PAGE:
Okay. This thing deserves a little paragraph. There are two of these structures made out of glass blocks that project different faces on them. When we were in Chicago in March, they looked a little forlorn in their empty square of concrete. However, little did we know then that in the summer these large glass faces spew water from their mouths and it is the weirdest, largest art/water park we have ever seen.
|The kids couldn’t help jumping in…|
We met up with the others at our hotel (which for the life of me I can’t remember the name) then walked to the giant metal jelly bean featured so prominently in one of my blog posts in March. Then to a Pub (can’t remember the Pub’s name either, but I do remember good spinach pie and C got the most amazing root beer…) for some dinner and back to get our luggage for the walk to the train station for an overnight on Coach to Albany. Yep. Overnight.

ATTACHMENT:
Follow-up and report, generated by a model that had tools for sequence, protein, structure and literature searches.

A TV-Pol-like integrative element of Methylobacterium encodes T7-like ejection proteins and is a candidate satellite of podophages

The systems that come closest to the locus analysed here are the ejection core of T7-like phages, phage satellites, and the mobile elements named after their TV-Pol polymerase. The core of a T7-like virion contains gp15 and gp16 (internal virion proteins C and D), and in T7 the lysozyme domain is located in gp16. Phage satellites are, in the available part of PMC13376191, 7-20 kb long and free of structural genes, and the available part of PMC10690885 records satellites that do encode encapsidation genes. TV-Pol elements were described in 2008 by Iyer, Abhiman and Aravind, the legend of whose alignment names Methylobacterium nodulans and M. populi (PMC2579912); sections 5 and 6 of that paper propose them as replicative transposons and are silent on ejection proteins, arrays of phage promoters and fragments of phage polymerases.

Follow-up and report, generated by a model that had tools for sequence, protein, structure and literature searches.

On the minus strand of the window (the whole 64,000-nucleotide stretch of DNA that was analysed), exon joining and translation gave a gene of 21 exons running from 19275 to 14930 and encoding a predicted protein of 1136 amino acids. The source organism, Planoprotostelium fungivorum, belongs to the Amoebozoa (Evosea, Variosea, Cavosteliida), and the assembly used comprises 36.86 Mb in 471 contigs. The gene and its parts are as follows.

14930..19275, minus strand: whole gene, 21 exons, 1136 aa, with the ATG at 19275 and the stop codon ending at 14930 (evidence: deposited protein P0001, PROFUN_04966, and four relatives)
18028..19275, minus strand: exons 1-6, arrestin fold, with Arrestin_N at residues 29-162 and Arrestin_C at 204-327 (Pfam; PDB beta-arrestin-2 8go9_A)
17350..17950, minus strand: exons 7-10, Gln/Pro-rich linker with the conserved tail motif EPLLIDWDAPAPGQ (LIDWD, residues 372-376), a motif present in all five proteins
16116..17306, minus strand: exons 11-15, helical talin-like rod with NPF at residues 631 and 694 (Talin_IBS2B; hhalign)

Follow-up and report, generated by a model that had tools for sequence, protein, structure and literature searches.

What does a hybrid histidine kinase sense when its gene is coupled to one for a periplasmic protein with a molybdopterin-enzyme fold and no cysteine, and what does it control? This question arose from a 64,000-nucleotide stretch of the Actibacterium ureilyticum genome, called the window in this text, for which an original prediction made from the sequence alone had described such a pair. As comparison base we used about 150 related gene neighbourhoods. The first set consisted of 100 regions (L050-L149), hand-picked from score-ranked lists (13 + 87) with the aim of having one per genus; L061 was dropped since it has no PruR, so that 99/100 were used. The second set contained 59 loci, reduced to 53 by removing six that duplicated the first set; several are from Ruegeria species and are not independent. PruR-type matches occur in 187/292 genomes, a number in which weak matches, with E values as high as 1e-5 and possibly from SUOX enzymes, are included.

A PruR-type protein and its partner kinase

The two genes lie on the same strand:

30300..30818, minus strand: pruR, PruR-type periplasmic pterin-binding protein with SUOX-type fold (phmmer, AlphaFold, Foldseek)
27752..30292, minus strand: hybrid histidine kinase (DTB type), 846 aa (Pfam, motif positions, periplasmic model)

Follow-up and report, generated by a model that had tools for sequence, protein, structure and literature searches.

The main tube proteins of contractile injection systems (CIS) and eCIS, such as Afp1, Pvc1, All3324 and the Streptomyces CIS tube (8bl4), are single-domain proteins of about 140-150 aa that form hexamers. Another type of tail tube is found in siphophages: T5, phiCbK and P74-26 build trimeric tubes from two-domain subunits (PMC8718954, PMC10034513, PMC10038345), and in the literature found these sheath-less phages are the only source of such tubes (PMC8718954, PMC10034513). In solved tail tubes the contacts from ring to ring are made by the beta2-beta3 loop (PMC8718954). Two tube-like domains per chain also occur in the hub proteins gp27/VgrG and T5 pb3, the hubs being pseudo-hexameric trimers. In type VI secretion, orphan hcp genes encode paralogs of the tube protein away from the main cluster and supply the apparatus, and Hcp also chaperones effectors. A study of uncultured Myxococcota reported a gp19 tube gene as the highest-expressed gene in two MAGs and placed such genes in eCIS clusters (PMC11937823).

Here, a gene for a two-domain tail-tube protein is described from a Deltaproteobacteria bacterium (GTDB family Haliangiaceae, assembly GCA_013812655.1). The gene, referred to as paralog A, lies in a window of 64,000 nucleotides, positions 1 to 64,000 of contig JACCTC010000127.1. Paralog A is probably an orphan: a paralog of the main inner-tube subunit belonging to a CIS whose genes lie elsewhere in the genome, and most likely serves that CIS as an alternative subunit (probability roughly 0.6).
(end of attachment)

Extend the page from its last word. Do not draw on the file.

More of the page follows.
A little note about getting on the train though. It’s a little cut throat. Unlike the plane, where people have assigned seating and people can wait patiently with the knowledge that they will be seated together, the train has no such nicety. To make it worse, there were a total of two bible camps wanting to get on board, and unlike good Christians, were extremely pushy.
However, I can be a tad aggressive when I want to be, and managed to use the “traveling with children” card (even though my children are quicker and more efficient than most of the adults I saw boarding) and we were able to get four seats together.